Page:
The Boeing Phantom Eye is a large liquid hydrogen powered spy drone that took flight recently in California taking off and landing at Edwards Air Force Base near Bakersfield. The Phantom Eye has a wingspan larger than a 757 jetliner and can stay aloft for 4 days before refueling.
The unmanned aerial vehicle is capable of flying up to 65,000 feet in the air. The Phantom Eye on its recent test flight through the Mojave Desert sustained minor damage when its landing gear dug into the ground at the end of the flight.
According to ABC News, “Most surveillance drones currently in use in the ongoing U.S. drone war against al Qaeda and the Taliban can stay in the air for a maximum of 40 hours without refueling. The Phantom Eye’s unique liquid hydrogen propulsion system is meant to keep the spy plane aloft for up to four days at altitudes of 65,000 feet.
“The Phantom Eye has two 150-horsepower engines, can carry 450 pounds of surveillance gear, and has a wingspan of 150 feet, 25 feet more than the Boeing 757.”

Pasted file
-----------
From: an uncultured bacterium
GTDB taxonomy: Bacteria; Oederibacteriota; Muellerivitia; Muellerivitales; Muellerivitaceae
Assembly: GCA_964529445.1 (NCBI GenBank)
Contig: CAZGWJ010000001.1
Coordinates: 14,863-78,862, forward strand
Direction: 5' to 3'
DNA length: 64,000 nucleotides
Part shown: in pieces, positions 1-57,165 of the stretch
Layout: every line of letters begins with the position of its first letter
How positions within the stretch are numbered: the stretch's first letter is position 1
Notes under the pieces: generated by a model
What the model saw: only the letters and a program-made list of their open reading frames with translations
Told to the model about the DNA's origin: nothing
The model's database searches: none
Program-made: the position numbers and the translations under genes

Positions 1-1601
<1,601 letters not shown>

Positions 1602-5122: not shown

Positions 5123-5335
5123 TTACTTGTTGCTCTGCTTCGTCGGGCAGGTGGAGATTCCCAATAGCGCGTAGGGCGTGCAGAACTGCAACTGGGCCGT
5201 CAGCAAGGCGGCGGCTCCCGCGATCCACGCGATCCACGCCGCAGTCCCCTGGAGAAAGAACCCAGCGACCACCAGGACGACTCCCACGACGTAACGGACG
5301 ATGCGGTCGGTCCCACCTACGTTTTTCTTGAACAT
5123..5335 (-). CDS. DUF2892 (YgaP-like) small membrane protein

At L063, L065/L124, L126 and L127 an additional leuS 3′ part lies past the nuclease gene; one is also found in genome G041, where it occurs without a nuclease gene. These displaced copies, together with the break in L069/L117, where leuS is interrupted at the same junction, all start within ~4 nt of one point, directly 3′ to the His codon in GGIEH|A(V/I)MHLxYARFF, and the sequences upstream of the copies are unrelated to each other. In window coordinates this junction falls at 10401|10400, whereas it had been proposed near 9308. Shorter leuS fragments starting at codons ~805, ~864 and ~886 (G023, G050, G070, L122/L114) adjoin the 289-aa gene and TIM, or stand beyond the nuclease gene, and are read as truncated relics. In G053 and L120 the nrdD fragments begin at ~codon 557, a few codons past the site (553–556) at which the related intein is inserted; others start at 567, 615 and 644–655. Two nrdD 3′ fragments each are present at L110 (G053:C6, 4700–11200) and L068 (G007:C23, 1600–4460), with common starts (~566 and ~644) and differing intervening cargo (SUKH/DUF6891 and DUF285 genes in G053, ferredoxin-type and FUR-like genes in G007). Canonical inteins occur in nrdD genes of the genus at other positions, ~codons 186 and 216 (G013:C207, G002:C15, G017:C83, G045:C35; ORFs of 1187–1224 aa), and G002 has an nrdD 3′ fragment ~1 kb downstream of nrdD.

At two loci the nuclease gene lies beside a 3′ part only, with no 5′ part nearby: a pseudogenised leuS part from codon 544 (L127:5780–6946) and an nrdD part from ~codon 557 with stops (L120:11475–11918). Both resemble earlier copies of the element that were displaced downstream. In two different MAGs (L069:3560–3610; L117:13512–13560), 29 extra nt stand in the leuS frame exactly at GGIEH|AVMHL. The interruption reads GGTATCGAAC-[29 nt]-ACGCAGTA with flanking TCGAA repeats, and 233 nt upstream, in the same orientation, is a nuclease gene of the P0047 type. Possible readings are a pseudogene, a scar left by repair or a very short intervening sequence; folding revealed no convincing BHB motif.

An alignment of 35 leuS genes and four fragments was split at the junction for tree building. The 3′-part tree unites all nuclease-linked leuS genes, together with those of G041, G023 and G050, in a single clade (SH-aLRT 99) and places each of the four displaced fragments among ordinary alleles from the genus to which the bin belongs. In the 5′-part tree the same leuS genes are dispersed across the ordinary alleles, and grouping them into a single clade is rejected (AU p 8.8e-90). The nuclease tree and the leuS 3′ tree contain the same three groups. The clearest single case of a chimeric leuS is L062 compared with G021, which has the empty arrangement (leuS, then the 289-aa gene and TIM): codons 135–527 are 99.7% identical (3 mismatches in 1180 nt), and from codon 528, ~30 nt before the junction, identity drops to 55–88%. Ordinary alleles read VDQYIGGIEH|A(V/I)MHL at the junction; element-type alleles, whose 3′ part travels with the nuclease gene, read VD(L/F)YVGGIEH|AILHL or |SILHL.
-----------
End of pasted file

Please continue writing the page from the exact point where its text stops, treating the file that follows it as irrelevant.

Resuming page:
I had last talked about the Phantom Eye high-altitude long endurance (HALE) vehicle in November 2011. The Boeing spy drone was just about to take its maiden voyage. I have also talked about a handful of other hydrogen-powered UAVs over the past couple of years.
What makes the Phantom Eye so special though is that it is a huge aircraft that can fly high, for relatively long times, is silent and is very clean in that hydrogen is used for fuel. Hydrogen-powered passenger jetliners may not be in the air any time soon, but other aircraft powered by clean and green H2 are already flying our friendly skies. And that step into the future is quite a present to us all.